Explore a real M&A case (Sapp v. Indus. Action Services, LLC) involving earnout disputes and the legal battle between expert determination and arbitration. Learn the key findings, implications, and the court’s role in resolving EBITDA threshold disagreements.
November 8, 2023
Earnouts are a common feature in M&A deals, often triggering legal disagreements, particularly around EBITDA thresholds. Parties typically opt for an accounting firm to resolve these disputes, but the wording in the agreement can impact court intervention.
In a 2016 asset sale of a company specializing in industrial services, the $12 million closing payment, $1.5 million buyer owner stock, $3 million deferred compensation, and potential $15 million Earn Out Consideration were at the center of the dispute. The latter was contingent on the buyer meeting EBITDA benchmarks over three years.
Issues arose when the buyer claimed it fell short of EBITDA targets for all three Earn Out Periods, with the seller alleging intentional undermining. This disagreement prompted a seller lawsuit in a Delaware federal district court.
The seller sought court intervention for earnout entitlement, while the buyer insisted on arbitration as per the purchase agreement. The district court mandated binding arbitration by the selected accounting firm. The seller, however, argued for nonbinding expert determination, leading to an appeal.
The appellate court determined that the procedure outlined in the purchase agreement resembled expert determination more than arbitration. The accounting firm had limited authority, a specific duty scope, a short deadline, and lacked discovery procedures or legal argument acceptance.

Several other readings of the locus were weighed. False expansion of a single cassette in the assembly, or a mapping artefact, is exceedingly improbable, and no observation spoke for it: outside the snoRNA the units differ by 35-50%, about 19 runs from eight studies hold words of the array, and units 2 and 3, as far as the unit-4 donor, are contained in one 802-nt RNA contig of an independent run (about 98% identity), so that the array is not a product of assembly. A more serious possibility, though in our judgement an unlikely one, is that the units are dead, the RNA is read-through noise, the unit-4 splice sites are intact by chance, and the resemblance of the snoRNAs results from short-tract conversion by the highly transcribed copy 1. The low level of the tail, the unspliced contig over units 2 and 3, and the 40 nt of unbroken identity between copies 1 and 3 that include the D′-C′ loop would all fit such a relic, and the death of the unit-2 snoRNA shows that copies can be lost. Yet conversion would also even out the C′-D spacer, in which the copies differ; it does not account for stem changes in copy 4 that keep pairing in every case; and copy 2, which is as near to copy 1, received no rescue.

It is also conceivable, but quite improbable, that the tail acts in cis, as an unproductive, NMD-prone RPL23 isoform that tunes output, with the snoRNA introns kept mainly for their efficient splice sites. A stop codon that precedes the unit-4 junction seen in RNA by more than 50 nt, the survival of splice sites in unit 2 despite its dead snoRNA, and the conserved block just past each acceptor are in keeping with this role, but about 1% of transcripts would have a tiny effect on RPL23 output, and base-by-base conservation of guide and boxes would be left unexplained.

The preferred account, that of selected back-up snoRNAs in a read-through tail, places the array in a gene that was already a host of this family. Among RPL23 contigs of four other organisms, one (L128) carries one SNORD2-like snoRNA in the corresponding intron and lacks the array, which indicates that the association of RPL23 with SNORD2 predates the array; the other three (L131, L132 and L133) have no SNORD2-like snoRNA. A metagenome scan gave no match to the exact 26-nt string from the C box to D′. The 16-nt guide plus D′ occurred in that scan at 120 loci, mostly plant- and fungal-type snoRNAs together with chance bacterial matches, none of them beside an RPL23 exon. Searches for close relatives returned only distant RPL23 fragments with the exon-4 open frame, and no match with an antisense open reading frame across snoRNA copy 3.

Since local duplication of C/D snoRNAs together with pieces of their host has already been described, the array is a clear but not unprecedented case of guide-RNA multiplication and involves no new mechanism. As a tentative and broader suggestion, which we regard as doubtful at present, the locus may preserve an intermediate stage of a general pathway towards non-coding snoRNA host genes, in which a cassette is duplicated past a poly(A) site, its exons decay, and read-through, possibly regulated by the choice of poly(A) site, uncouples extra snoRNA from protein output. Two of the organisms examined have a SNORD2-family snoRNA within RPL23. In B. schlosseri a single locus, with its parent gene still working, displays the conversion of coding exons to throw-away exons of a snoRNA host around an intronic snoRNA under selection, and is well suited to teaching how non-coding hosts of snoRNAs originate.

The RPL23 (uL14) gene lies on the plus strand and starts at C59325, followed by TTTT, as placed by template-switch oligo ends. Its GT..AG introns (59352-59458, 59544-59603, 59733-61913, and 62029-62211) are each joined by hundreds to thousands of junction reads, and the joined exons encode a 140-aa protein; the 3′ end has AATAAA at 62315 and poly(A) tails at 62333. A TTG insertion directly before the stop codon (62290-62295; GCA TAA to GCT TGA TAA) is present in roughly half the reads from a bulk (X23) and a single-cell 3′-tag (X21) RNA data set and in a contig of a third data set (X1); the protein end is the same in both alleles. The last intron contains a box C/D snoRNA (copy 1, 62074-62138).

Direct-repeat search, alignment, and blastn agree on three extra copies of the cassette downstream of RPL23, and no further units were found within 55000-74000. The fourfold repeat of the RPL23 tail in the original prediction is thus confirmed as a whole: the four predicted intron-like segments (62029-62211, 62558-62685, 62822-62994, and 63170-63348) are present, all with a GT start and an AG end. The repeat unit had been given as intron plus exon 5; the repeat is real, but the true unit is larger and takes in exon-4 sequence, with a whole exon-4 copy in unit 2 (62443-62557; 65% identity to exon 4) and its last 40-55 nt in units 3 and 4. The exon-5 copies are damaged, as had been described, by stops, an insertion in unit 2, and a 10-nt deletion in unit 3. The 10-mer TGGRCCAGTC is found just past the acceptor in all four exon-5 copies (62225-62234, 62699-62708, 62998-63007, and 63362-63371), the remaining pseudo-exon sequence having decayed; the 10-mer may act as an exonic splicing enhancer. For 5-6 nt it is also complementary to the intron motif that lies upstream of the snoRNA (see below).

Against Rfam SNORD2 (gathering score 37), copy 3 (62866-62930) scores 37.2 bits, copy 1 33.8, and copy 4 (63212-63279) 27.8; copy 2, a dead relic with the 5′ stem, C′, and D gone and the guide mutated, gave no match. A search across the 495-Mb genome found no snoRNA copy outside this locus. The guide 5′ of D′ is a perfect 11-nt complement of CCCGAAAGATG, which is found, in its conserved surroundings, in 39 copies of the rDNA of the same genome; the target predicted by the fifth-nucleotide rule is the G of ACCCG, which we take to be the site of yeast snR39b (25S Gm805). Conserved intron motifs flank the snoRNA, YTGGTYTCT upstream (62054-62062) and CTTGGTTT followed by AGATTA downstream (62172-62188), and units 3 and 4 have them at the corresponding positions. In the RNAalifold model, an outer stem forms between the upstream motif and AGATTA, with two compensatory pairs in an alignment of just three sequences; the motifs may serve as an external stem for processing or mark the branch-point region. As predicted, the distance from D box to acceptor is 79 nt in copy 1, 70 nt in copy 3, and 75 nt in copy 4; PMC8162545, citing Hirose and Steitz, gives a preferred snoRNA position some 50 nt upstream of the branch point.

The case returns to the district court, where the accounting firm reviews the buyer’s EBITDA calculations. Unlike arbitration, the seller can contest the accounting firm’s decision in court if dissatisfied.
Sapp v. Indus. Action Services, LLC, No. 22-2181 United States Court of Appeals, Third Circuit (Argued April 13, 2023. Opinion filed July 20, 2023).
By John McCauley: I write about recent legal problems of buyers and sellers of small businesses.
Telephone: 714 273-6291
The blogs on this website are provided as a resource for general information for the public. The information on these web pages is not intended to serve as legal advice or as a guarantee, warranty or prediction regarding the outcome of any particular legal matter. The information on these web pages is subject to change at any time and may be incomplete and/or may contain errors. You should not rely on these pages without first consulting a qualified attorney.